Also relevant: Rape is a Special kind of Evil

Monday, November 7, 2016

"No one is Born Gay"

For a long time I've been wondering why it's so obvious to gay people that they were born gay. I don't know through sheer introspection that I was born straight. And not being born gay doesn't mean it's a "choice". It feels weird to remind the blue tribe of this, but environment is a thing.

Anyway, I read something very good on this today. Here are a few quotes. The first is him quoting the other side:
“Because implying that homosexuality is a choice gives unwarranted credence to roundly disproven practices such as ‘conversion’ or ‘reparative’ therapy. The risks associated with attempts to consciously change one’s sexual orientation include depression, anxiety and self-destructive behavior."  
The problem with such statements is that they infuse biological accounts with an obligatory and nearly coercive force, suggesting that anyone who describes homosexual desire as a choice or social construction is playing into the hands of the enemy.
Just because an argument is politically strategic, does not make it true. 
Does culture effect how gay we are?
In Ancient Greece, sex between elite men and adolescent boys was a common and normative cultural practice. According to historians Michel Foucault and Jonathan Ned Katz, these relationships were considered the most praise-worthy, substantive and Godly forms of love (whereas sex between a man and a woman was, for all intents and purposes, sex between a man and his slave). If men having frequent and sincere sex with one another is what we mean by “gay,” then do we really believe that something so fundamentally different was happening in the Ancient Athenian gene pool?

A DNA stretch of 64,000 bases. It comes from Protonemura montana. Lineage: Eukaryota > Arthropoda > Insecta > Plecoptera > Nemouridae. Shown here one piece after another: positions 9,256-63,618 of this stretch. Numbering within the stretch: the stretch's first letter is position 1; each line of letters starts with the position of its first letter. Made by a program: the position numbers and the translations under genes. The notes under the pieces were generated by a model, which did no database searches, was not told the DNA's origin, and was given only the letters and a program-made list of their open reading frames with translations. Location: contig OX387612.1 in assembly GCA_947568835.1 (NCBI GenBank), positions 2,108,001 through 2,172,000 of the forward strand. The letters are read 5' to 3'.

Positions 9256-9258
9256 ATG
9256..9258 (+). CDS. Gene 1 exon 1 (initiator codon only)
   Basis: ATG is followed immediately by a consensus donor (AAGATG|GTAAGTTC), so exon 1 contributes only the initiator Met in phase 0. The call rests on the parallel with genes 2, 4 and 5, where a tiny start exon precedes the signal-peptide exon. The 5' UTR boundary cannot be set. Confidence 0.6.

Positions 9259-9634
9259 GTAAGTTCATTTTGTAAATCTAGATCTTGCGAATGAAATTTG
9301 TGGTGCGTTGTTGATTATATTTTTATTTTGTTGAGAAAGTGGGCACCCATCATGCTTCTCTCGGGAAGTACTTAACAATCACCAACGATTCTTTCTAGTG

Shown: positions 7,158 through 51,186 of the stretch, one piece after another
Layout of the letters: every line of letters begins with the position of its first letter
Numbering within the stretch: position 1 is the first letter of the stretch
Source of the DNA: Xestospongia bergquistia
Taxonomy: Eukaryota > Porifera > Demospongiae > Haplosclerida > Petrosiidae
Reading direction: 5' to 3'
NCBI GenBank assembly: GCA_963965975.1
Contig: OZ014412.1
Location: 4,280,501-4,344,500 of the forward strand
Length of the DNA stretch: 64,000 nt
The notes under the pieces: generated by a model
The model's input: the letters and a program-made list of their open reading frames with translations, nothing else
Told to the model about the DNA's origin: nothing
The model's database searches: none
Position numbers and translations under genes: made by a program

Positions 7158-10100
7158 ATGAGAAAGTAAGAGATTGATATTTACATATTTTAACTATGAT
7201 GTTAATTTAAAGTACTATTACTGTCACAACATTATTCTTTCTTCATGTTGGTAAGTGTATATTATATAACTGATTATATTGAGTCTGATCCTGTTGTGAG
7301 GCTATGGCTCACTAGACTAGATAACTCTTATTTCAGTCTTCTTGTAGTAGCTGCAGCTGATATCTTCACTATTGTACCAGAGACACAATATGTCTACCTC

Bias in science:
And, of course, there is the time-eternal question: why aren’t scientists looking for the genetic causes of heterosexuality? Or masturbation? Or interest in oral sex? The reason is that none of these sex acts currently violate social norms, at least not strongly enough to be perceived as sexual aberrations...
At the end of the day, what we can count on is that the science of sexual orientation will produce data that simply mirror the most crass and sexist gender binarisms circulating in the popular imagination.
Does gay conversion work? If it did it wouldn't prove there was something wrong with being gay or that being gay is a choice.
People like to use the failure of “gay conversion” therapies as evidence that homosexuality is innate. First of all, these conversions do not always fail; if you make someone feel disgusted enough by their desires, you can change their desires. Call it a tragedy of repression, or call it a religious awakening—regardless, the point is that we can and do change.
The whole thing is very good.

Sunday, November 6, 2016

Global Warming as a Convenient Truth

A lot of people are worried about global warming and they promote a lot of different ways to fix it. The most popular that I read on the internet are: